"Stop trying to force closed doors open. Kimberlee, you really are called, but forcing closed doors open is not your job. It's mine. If you will just spend your days walking through open doors in ministry, I assure you, you will never be able to walk through them all. I will send so many open doors your way that if you spend the rest of your life walking through them, you would never reach the end of the open doors. The harvest is so great, let me handle the closed doors."
Not only had He just given me a divine mandate, on that day God began stripping away unnecessary feminist ideologies and reframing my way of thinking about the role of women in life and ministry. He was teaching me to walk in the same calling He has for all of His people, both male and female -- to commit myself to simply reaching as many people as I possibly could for Him. He was teaching me the same thing He has been teaching His people since that day He commissioned His disciples...
"Whatever town or village you enter, search there for some worthy person and stay at their house until you leave. As you enter the home, give it your greeting. If the home is deserving, let your peace rest on it; if it is not, let your peace return to you. If anyone will not welcome you or listen to your words, leave that home or town and shake the dust off your feet." (Matthew 10:11-14)
"Jesus came to them and said, “All authority in heaven and on earth has been given to me. Therefore go and make disciples of all nations, baptizing them in the name of the Father and of the Son and of the Holy Spirit, and teaching them to obey everything I have commanded you. And surely I am with you always, to the very end of the age." (Matthew 28:18-20)
He taught Paul the same thing when He went to Corinth.
"Every Sabbath he reasoned in the synagogue, trying to persuade Jews and Greeks. When Silas and Timothy came from Macedonia, Paul devoted himself exclusively to preaching, testifying to the Jews that Jesus was the Messiah. But when they opposed Paul and became abusive, he shook out his clothes in protest and said to them, 'Your blood be on your own heads! I am innocent of it. From now on I will go to the Gentiles." (Acts 18:4-6)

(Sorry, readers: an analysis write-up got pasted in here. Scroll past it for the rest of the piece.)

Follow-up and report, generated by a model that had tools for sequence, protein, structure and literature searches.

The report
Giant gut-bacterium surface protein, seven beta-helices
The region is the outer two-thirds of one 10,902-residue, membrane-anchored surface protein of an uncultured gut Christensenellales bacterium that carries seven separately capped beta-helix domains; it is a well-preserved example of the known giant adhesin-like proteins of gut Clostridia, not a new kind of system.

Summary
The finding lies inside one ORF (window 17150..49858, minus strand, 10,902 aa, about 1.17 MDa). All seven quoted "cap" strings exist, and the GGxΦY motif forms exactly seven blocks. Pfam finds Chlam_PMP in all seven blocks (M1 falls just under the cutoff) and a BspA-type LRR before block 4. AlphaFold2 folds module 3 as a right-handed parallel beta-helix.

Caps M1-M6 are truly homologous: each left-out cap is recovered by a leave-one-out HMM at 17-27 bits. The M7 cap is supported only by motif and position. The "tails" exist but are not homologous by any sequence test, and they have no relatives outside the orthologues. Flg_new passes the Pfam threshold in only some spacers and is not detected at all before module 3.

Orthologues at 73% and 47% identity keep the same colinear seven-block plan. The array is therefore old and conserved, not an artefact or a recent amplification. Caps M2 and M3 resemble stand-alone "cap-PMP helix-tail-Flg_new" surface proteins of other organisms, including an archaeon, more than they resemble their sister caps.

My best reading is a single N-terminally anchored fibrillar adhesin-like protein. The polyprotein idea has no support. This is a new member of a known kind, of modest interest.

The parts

I think we can all agree Paul was a spiritual giant. However, not everyone was so happy with him. In fact, disagreements had become so sharp regarding his gospel message that members of the Jewish community in Corinth had become abusive.
Was it wrong of them? Absolutely.
So, what did he do?
Go next door. Yep! Just next door. Check it out...
"Then Paul left the synagogue and went next door to the house of Titius Justus, a worshiper of God." (Acts 18:7)
And was it worth it? Absolutely!
"Crispus, the synagogue leader, and his entire household believed in the Lord; and many of the Corinthians who heard Paul believed and were baptized." (Acts 18:8)
Did you catch that? The open door God had for Paul was literally next door, and the synagogue leader and his entire family also followed Paul, closing the door to unbelief and opening the door to new life with Christ!
SOMETIMES THE OPEN DOOR GOD HAS FOR US IS RIGHT NEXT DOOR TO A CLOSED ONE
Yet Paul must have been shaken -- perhaps a bit bruised and probably afraid. Surely, this shakeup in the local synagogue wasn't the result of merely one tough conversation, and despite a powerful move of God among Crispus, his family, and many other Corinthians, Paul needed divine reassurance.
Thankfully, God does that for His people.
"One night the Lord spoke to Paul in a vision: 'Do not be afraid; keep on speaking, do not be silent. For I am with you, and no one is going to attack and harm you, because I have many people in this city.' So Paul stayed in Corinth for a year and a half, teaching them the word of God." (Acts 18:9-11)